Levofloxacin is a third-generation quinolone with broad-spectrum antibiotic action against gram-positive and atypical agents. In osteomyelitis and prosthetic infections, levofloxacin in combination with rifampicin is the first-line treatment. Levofloxacin has a good safety profile; gastrointestinal and neurologic symptoms are its most common adverse effects. Skin adverse reactions are rare, and hypersensitivity reactions are the most common presentation.1 Epidermal toxic necrosis syndrome has also been reported. Pigmentation associated with levofloxacin is extremely infrequent, and to our knowledge, only 1 case has been previously reported in the literature,2 in a 68-year-old woman who showed blue-gray pigmentation in both legs after taking levofloxacin for 4 months.

Similar findings have been described in association with other antibiotics, such as pefloxacin3 and minocycline. Minocycline pigmentation is a well-known adverse effect, and 3 clinical forms can be distinguished. In type 1, the pigmentation is confined to scars or sites with previous inflammation or trauma. In type 2, blue-gray pigmentation occurs within previously normal-appearing skin, especially in the lower legs and forearms. Type 3 is characterized by the presence of diffuse brownish discoloration of sun-exposed areas. Histopathologically, types 1 and 2 demonstrate pigment granules in the dermis, concentrated around vasculature within macrophages, and, in type 2, around myoepithelial cells as well. Perls staining is positive in type 1. In type 2, both Perls and Masson-Fontana stainings are positive. In type 3, there is increased melanin in basal keratinocytes with subjacent dermal melanophages without the presence of iron. Only Masson-Fontana staining is positive in this type.4

Ultrastructural observations have confirmed that the clinical coloration is a result of a minocycline derivative chelated with iron that is stored within the lysosomes of macrophages. To our knowledge, there are no reports of cutaneous pigmentation due to rifampicin. Our patient’s symptoms and the histologic findings were similar to those described for minocycline pigmentation type 2 and previous cases associated with levofloxacin and pefloxacin.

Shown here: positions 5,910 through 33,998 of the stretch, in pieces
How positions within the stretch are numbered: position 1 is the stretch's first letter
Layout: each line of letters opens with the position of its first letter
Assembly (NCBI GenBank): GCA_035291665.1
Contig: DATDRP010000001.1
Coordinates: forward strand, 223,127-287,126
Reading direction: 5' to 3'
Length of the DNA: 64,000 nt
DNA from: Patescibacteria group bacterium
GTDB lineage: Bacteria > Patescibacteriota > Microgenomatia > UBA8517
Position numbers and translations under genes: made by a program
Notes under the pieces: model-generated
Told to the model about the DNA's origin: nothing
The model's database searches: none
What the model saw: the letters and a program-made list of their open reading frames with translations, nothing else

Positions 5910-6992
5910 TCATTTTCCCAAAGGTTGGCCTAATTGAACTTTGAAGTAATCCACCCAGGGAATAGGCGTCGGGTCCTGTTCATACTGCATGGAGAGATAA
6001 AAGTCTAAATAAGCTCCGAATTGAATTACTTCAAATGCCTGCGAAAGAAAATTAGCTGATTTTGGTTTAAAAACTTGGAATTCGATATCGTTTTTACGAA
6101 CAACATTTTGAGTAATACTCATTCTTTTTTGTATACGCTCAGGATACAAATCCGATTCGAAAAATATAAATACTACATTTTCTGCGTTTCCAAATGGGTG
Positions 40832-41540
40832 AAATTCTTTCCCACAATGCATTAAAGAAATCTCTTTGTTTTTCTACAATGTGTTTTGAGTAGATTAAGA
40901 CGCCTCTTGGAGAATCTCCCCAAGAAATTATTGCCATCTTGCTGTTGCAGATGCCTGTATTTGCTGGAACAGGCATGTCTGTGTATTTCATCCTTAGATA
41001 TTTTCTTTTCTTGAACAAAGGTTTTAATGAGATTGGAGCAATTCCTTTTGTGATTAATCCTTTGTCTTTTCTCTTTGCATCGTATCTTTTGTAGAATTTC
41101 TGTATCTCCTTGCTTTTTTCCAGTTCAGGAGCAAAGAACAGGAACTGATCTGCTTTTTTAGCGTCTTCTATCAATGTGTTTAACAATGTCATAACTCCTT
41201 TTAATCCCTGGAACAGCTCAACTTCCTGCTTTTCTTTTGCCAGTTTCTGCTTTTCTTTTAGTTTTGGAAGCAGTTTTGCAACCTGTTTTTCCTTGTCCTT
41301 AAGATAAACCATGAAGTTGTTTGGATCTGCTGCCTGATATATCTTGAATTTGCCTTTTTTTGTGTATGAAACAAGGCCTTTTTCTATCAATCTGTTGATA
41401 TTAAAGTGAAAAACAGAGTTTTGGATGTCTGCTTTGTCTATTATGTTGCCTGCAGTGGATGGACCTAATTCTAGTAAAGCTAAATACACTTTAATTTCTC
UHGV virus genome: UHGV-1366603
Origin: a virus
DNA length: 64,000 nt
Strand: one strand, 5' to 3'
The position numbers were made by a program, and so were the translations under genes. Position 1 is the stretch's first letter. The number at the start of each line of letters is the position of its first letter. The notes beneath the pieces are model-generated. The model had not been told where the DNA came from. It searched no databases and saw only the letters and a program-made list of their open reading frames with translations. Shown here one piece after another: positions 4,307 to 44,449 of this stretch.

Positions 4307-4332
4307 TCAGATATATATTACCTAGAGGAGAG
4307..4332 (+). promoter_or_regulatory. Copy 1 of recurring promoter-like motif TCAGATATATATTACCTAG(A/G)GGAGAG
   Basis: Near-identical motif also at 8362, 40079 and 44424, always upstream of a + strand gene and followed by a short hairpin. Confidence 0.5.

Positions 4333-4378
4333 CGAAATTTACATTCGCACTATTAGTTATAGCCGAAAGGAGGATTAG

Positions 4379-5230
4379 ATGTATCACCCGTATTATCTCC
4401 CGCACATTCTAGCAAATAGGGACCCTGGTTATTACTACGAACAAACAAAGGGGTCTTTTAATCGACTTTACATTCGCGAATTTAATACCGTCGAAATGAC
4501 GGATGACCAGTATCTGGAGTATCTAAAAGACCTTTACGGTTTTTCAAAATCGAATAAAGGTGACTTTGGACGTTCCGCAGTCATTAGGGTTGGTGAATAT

The course of the pigmentation is unknown, but it tends to fade if levofloxacin treatment is discontinued. Months or years are necessary to achieve resolution, although in some cases the pigmentation can be permanent. Treatment with Q-switched laser has been reported with successful results.5

ARTICLE INFORMATION

Corresponding Author: Mónica Lorente, MD, Donantes de Sangre s/n, E-19002 Guadalajara, Spain (m.lorente.luna@gmail.com; mlorentel@sescam.jccm.es).

Published Online: July 3, 2013. doi:10.1001/jamadermatol.2013.4365.

Conflict of Interest Disclosures: None reported.

Additional Contributions: Special thanks to Miguel Angel Martínez, MD, Hospital 12 de Octubre, Madrid, for ultrastructural study.

REFERENCES

Liu  HH.  Safety profile of the fluoroquinolones: focus on levofloxacin. Drug Saf. 2010;33(5):353-369.
PubMed   |  Link to Article
López-Pestaña  A, Tuneu  A, Lobo  C, Zubizarreta  J, Eguino  P.  Blue-black pigmentation of legs and arms in a 68-year-old woman. Arch Dermatol. 2007;143(11):1441-1446.
PubMed   |  Link to Article
Le Cleach  L, Chosidow  O, Peytavin  G,  et al.  Blue-black pigmentation of the legs associated with pefloxacin therapy. Arch Dermatol. 1995;131(7):856-857.
PubMed   |  Link to Article
Bowen  AR, McCalmont  TH.  The histopathology of subcutaneous minocycline pigmentation. J Am Acad Dermatol. 2007;57(5):836-839.
PubMed   |  Link to Article